Potential Ways to Improve the Post-Tenure Review Process
The President requested that the Senate appoint two senators to participate in a University effort to evaluate the post-tenure review policy, procedures and process.
A Senator made comments about hearsay evidence being admitted during the recent Hearing Tribunal. He referred to the 1987 Mason case where hearsay evidence was not admitted. In the Rudnicki matter, hearsay evidence was admitted. Is it University policy to inhibit the due process or law?
The President stated that there was no intent to inhibit due process. The Hearing Tribunal was conducted consistent with policy.
A Senator asked the President if he would entertain the idea of faculty voted chairs. The response was �no�.
A Senator commented about how disappointing the recent post-tenure review matter was, and that, in effect, the University had written off a major dollar investment in a faculty member. A way must be found to intervene early to prevent or resolve conflict.
President Supple commented, that the dilemma was how to build prevention into the system and how to know when to intervene.
A Senator commented, that we already have it. Faculty must be given a list for corrections, or deficiencies. Someone needs to make sure that the chairs are following policy.
President Supple responded that some how there must be mediation when the first annual evaluation indicates a faculty member has failed to meet departmental expectations.
A Senator stated that it is the administration's job to resolve such systems problems.
A Senator reiterated that when the �red flag� goes up, the faculty member must be given clear, direct, specific actions to follow to meet expectations.
The President responded that faculty members also have a responsibility to do their part to avoid failing to meet departmental expectations.
In response to the question, �What resources do faculty members have?� the President said, �They may grieve (grievance policy) their concerns.�
In response to a Senator's question, the President affirmed that everyone, at all levels of the University, is bound by policy.
A member of the audience asked the President if the way chairs are selected would be reconsidered. Specifically, what about chairs being elected by faculty or a system of chair rotation within a department. The President stated the view that the appointment of chairs is better than election of chairs.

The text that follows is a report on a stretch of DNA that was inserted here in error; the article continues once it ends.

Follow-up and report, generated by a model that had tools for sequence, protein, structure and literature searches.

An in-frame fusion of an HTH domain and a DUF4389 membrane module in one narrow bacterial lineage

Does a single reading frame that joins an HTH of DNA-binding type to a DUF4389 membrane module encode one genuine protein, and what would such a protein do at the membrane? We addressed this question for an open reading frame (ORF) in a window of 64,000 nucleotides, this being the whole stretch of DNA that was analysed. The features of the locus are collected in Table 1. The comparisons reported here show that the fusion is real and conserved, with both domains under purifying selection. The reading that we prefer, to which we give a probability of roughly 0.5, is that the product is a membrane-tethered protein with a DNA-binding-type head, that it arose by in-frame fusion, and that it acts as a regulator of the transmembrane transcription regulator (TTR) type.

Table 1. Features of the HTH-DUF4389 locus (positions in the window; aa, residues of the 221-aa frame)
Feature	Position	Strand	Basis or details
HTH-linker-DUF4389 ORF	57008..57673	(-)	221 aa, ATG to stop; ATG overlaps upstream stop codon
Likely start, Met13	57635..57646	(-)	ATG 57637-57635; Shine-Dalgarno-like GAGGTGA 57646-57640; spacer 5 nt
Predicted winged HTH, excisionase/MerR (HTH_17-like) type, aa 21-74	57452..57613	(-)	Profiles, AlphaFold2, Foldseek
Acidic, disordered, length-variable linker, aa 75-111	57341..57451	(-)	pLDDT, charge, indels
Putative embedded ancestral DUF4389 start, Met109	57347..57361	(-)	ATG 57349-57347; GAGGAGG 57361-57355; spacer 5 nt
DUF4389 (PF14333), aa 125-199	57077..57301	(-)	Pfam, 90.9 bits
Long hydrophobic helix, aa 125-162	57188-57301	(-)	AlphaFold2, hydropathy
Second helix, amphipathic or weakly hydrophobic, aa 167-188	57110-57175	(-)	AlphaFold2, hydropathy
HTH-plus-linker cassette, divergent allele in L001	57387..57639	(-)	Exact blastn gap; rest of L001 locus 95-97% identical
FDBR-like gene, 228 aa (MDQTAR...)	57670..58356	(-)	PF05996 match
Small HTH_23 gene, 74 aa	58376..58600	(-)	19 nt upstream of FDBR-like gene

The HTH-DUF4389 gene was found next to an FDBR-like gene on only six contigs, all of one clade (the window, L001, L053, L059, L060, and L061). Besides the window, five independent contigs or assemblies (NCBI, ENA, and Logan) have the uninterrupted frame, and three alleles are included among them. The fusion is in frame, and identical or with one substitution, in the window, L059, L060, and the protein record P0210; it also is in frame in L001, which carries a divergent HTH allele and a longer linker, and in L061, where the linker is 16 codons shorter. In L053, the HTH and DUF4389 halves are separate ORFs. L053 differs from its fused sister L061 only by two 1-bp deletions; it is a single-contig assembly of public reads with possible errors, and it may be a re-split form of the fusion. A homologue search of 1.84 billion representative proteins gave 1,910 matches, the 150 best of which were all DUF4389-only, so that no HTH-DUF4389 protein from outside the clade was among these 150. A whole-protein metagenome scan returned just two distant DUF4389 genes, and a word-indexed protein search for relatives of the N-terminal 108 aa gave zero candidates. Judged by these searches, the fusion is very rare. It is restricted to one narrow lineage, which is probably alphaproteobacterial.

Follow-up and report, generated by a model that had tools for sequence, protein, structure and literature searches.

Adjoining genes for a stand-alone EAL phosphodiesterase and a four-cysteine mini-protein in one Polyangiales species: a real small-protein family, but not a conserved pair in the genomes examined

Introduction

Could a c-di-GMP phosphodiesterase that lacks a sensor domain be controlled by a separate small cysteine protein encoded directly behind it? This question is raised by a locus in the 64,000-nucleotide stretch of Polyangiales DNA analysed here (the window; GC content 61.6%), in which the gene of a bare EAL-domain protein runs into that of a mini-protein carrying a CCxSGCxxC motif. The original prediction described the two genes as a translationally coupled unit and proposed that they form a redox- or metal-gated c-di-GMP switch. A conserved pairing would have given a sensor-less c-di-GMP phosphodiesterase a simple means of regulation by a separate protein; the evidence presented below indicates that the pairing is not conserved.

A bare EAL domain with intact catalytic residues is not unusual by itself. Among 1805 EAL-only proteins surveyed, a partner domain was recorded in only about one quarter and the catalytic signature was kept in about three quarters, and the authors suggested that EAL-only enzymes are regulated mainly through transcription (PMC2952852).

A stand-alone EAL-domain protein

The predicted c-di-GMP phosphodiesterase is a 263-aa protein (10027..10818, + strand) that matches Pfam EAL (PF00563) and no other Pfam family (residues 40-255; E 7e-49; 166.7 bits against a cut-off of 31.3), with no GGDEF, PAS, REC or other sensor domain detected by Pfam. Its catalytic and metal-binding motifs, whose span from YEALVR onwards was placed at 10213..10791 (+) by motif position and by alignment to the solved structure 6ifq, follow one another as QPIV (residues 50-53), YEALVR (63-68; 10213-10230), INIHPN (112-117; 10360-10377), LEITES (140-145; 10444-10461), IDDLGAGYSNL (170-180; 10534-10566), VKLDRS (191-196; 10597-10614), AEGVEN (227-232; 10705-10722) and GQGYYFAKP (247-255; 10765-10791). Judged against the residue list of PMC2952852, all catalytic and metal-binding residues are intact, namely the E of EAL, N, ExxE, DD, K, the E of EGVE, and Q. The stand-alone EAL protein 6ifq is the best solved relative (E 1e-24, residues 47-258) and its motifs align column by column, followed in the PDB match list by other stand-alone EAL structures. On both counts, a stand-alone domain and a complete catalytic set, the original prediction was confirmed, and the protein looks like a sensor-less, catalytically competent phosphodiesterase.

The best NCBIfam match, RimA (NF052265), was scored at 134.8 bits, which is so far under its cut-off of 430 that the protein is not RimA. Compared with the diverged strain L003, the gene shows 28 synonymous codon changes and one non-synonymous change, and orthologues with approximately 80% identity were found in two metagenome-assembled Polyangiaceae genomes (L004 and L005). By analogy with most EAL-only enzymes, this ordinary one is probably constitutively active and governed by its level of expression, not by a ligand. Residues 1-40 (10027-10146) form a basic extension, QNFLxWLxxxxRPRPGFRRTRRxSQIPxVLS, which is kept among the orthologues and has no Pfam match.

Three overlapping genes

A member of the audience asked if the decision in the Rudnicki matter might be rescinded. President Supple stated a lot of work went into the decision, and he feels that the evidence forced the decision.
The President was asked if it was impossible to admit a mistake. The President responded that it was not impossible, but that policy was followed and the facts supporting the decision were present.
A member of the audience asked why the President did not meet with Rudnicki, in the course of his post-tenure review. The President stated that the faculty member was given the opportunity to speak up and present his case.
The President was asked if there were specific steps to be taken to prevent this from happening again. He responded affirmatively and that we need to do all that we can to prevent this from happening again.
A comment was made about the potential division, between faculty and administration. We need to make certain that the other side (faculty) is heard when conflicts arise. President Supple commented that all faculty have the opportunity to speak and present their side.
President Supple raised the question, how do we assure that? Are there ways to get faculty involvement? We need to work to that end.
Outcomes of Grievances by Faculty
The President inquired, how are we going to follow up? He requested that Dr. Gratz (VPAA) prepare a list of all faculty grievances during the last five years to see if there is a pattern to the outcomes. Is there merit to the faculty concern that they are not supported when they file a grievance against a chair or other administrator?
Chair Renick thanked the President for meeting with the Senate and assured him that the Senate will follow up with his request for representatives to work on improving post-tenure review. Further, he stated that post-tenure review will be a Senate priority during 2001-2002.
Following a break, the Senate reconvened at 4:30 p.m. to review the concluded Special Meeting with the President.
During the discussion, which followed, Senators reviewed the following matters:
* Post-tenure review must assure equal protection safeguards;
* Appointment of the hearing tribunal by the administration should be reviewed;
* Post-tenure policy may not have been followed in the Rudnicki matter, particularly during the first annual evaluation;
* The Senate should be proactive in assuring that faculty who fail to meet departmental expectations are being
appropriately mentored in responding to their remediation plan;
* The Senate may be able to collaborate with a department to identify the components of effective peer review; and
* The Senate may be able to establish a sentinel system to inform faculty when performance may not be meeting
The meeting was adjourned at 5:15 p.m.